There are fewer athletes at the Paralympic Games, which reduces the number of sports. There are also complex classification standards within the different sporting categories that the Olympics just do not require. Ticking all the boxes for inclusion in the Paralympic Games demands a considerable commitment of time, expertise and resources. So, it is not surprising that the Paralympics lags behind in the number of sports compared to the Olympics. 

Golf has several pluses that we have to communicate better. Perhaps the most significant plus is that if golf were in the Paralympics, its athletes would not be playing a parallel or adapted version of the game. Golf will need to allocate players into sports classes, and this is detailed and specialised work to be able to level the playing field. 

Do you think we’ll see golf in the Paralympics in the future?                

Definitely, I think golf is ideally suited to the Paralympic Games. Almost every ball sport is played using one ball shared between competitors. As such, the most potent team or individual controls how well the opposition can play. Golf is not like that as we all have our own ball and cannot be physically influenced by other competitors. 

The EDGA President, Tony Bennett, works with The IGF on disability and inclusion and is well-versed in what needs to be done to help golf into the Paralympics. EDGA has led the way with eligibility definitions for golf and are working with The IGF to ensure that golf can step up to meet the requirements for both classification and standardisation of formats.

For our part, EDGA continues to make progress with the successful implementation of a European Championship, World Ranking for Golfers with disability (WR4GD) and players competing at European Tour, Australian Tour and shortly on Ladies European Tour events. New events such as a future world championship, major international championships, and a future Paralympic championship must all gel together in a meaningful way, with all the national federations taking their responsibility seriously. 

Why is golf a good sport for someone with a disability?

As mentioned before, golf is played using your own ball, so we control our game. The ball is also still, and as such, for players with conditions that affect their vision, mobility or balance, the very fact that each shot is premeditated means that they have the opportunity to prepare to play the stroke without the demands of trying to hit a moving object.

There are some hugely beneficial and now well-researched health and social benefits of playing golf. Generally, the game is played outdoors in the fresh air, we have space between players in a green environment, and the opportunity to compete and yet socialise as we play is hard to beat. The game demands so much from us in terms of our available concentration, tactics, physical literacy and awareness. Each shot provides real-time feedback from which we can strive to improve or simply learn to accept. This is a 360-degree game that is both rewarding and infuriating.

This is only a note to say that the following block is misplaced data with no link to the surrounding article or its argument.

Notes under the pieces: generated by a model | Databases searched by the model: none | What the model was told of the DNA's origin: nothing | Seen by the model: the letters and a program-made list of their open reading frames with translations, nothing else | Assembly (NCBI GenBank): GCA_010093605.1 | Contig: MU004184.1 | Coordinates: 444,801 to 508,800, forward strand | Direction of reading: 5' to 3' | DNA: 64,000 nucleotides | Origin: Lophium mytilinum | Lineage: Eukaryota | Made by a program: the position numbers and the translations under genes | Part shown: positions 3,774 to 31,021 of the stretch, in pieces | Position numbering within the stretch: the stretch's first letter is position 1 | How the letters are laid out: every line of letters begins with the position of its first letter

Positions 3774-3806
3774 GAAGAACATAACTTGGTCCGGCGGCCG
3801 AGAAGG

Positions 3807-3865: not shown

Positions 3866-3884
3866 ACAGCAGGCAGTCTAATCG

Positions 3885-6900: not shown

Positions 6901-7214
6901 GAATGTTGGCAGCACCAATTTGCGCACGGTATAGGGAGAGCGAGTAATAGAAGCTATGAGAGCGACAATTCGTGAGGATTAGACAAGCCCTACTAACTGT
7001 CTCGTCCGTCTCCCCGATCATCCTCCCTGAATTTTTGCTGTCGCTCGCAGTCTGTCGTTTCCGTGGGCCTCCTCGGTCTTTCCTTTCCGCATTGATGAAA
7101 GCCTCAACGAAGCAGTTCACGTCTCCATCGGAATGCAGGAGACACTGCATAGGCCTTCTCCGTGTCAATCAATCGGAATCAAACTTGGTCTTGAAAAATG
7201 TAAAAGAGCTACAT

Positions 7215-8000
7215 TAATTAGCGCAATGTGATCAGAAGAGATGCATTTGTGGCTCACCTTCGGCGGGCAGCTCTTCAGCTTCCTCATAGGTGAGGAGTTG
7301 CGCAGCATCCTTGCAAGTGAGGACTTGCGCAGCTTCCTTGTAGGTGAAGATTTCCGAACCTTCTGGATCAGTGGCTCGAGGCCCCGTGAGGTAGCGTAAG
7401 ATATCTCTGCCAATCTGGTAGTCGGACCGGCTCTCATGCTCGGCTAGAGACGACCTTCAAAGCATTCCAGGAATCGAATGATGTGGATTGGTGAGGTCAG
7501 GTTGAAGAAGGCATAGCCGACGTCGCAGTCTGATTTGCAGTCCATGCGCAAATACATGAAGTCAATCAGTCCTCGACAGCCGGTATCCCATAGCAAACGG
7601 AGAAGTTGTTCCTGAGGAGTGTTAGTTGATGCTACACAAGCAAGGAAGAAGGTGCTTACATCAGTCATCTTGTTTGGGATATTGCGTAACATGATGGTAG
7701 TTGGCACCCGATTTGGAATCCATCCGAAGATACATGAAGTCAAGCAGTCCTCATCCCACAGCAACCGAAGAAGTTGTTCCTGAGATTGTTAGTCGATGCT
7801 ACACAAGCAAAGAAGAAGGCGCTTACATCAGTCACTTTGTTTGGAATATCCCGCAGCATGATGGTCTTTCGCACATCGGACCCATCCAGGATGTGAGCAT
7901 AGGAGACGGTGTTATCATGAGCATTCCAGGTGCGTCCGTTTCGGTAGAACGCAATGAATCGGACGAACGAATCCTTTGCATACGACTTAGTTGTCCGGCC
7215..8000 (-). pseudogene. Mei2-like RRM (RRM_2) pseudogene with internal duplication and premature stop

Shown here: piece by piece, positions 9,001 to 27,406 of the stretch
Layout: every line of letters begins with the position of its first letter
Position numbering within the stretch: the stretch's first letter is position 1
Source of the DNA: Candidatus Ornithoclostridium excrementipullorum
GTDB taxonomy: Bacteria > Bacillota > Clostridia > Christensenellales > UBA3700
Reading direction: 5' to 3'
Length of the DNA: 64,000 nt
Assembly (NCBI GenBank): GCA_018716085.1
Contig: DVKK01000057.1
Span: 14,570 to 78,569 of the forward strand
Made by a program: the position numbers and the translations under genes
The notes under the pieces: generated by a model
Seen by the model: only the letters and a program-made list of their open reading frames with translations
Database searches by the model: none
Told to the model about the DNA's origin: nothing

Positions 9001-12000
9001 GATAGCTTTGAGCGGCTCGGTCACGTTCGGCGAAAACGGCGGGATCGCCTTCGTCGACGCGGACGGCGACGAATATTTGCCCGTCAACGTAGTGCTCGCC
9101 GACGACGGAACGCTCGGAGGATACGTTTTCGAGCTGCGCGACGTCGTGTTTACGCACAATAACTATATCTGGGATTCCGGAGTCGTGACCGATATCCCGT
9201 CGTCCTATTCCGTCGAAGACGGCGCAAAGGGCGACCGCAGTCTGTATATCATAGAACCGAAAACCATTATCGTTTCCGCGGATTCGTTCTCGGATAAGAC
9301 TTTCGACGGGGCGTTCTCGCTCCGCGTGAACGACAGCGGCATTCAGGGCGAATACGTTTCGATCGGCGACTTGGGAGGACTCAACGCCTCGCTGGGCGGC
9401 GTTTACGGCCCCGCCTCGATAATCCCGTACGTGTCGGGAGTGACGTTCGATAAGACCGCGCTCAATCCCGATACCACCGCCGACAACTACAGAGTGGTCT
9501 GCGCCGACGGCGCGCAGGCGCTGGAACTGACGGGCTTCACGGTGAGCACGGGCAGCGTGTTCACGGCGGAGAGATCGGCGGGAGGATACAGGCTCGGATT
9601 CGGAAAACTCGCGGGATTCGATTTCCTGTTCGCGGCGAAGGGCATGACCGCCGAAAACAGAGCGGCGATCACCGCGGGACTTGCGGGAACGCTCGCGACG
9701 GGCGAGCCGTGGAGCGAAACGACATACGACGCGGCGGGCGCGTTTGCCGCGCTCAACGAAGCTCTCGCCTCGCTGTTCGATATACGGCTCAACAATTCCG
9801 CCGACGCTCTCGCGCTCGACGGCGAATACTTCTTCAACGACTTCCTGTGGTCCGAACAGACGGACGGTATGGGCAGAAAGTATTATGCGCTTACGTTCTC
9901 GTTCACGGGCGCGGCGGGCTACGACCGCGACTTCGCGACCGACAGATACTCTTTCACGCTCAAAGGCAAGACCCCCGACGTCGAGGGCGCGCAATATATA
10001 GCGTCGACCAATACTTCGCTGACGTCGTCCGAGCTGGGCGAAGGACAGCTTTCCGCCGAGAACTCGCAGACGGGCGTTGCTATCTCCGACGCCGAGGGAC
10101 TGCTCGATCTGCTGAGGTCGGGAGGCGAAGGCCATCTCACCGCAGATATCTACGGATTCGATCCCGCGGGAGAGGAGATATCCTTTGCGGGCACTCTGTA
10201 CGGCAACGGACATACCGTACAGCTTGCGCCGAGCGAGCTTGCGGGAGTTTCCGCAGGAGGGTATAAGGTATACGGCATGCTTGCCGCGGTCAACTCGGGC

Also, golf is generally inclusive, so it is quite common for someone with a disability to participate and compete in the mainstream game and for others to be totally unaware of their disability.  40% of all disabilities are unseen, and these very players are in the community of golfers happily enjoying the game on their own terms. Golfers with a disability play most of their golf in the mainstream, but those that choose to apply for a pass and are approved can play or compete a number of times a year with other golfers who may have a similar or different type of disability.  

Do you think there’s more to be done across the game in general to accommodate disabled golfers? 

Yes, of course, society as a whole needs to be more inclusive, and sport is not immune. I think we are making progress, but more must be done. 

Most golf facilities want to be as inclusive as possible. With some minor adaptions, golf can welcome individuals with a disability and provide a wonderful experience, turning an interested golfer into an avid one. 

We should also see more inclusive employment opportunities within the golf industry, which is thankfully beginning to happen. As we can see, more women, for example, are taking leadership roles. I hope it will not be too long before we start seeing inclusion officers at golf clubs whose responsibility is not just to look at people with disability, or women, but the full spectrum of golfers and see them as we say in EDGA as "Golfers First".